Friday, June 13, 2003
Maybe it was the weather godsPeter overlooks a possibility; it may be that Christina Vrachnos is more subtle than the reporters at the New York Times. She might have been attempting irony which went over the reporter's head. Knowing the media's penchant for hyping the global warming issue, I often sarcastically blame the weather conditions -- whatever they are -- on global warming. Cold outside? Maybe it's because of global warming. There was an earthquake? Maybe it was due to global warming. The Cubs are in first place? Maybe it's global warming. I can certainly picture an overly earnest New York Times reporter overhearing such a comment and eagerly repeating it in a column. They want to believe it, after all.
And on the subject of global warming, there's an excellent post by Iain Murray, generally at the Edge of England's Sword, but guest-blogging over at the Volokh Conspiracy, in which he points out what a truly objective media would:
I've been dealing with climate science issues in detail for approaching a month today. As a result, I am amazed whenever I hear anyone say that "science shows" anything in the climate change debate. The plain fact is that normal scientific methods simply aren't applicable in the climate science area. Normally, you come up with a hypothesis and run experiments to check it. The trouble is that you can't run experiments with the climate. We have no other Earth to act as a control (anyone who points to Venus as an example is showing his ignorance there and then). The science can therefore only progress by building models, which, if acceptably accurate, might predict what will happen. But those models are based on theory. If they cannot predict what is currently happening (as we know from observation) accurately, there is something wrong with them and/or the underlying theory. Theorists, however, are often wedded to their theories.Exactly; if you read popular coverage of the global warming issue, all too often scientific models and scientific laws are confused. We hear talk that newly-collected data has enabled scientists to refine their models, and shows such-and-such about the future, when what is really the case is that plugging the newly-collected data into the model shows such-and-such, if that model is accurate. But a newly refined model can never be said to be accurate; only by seeing if the model accurately predicts the future can we make that determination, which means there must necessarily be a time lag between scientific understanding and public policy changes. But because this doesn't fit some agendas, the distinction between "the models suggest X" and "science suggests X" gets lost.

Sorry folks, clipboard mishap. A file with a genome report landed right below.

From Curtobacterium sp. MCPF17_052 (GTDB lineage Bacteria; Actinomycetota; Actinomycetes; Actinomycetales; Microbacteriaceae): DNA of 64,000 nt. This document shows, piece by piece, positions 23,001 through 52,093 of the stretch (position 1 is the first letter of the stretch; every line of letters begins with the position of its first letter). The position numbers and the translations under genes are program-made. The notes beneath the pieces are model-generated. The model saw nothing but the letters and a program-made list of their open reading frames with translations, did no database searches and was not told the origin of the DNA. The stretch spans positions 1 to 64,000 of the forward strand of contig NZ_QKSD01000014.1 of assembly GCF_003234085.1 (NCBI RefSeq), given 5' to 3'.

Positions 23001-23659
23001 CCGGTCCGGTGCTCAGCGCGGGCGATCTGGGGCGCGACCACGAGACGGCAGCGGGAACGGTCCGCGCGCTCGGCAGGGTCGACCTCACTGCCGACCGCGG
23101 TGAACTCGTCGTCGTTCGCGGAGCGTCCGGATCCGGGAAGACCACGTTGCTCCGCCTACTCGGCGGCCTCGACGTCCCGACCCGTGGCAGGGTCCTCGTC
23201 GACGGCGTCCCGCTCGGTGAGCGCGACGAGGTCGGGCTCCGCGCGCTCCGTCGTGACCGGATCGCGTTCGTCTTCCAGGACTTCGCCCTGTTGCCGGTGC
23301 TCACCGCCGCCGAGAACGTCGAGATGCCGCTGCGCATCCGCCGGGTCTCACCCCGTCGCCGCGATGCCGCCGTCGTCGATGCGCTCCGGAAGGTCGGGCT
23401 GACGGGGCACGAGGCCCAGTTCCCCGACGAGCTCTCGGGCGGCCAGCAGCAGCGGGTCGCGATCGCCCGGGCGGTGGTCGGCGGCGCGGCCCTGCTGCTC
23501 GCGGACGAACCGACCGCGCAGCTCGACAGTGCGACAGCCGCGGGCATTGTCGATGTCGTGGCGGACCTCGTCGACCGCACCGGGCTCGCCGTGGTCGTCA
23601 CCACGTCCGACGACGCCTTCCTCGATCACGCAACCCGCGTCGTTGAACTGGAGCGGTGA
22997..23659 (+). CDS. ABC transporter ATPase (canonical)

I don't mean to suggest that there's anything dishonest about changing the models to explain new data; that's a perfectly reasonable scientific practice. The problem is changing the models to explain past data and then pretending that the models represent established science, as opposed to mere hypotheses.
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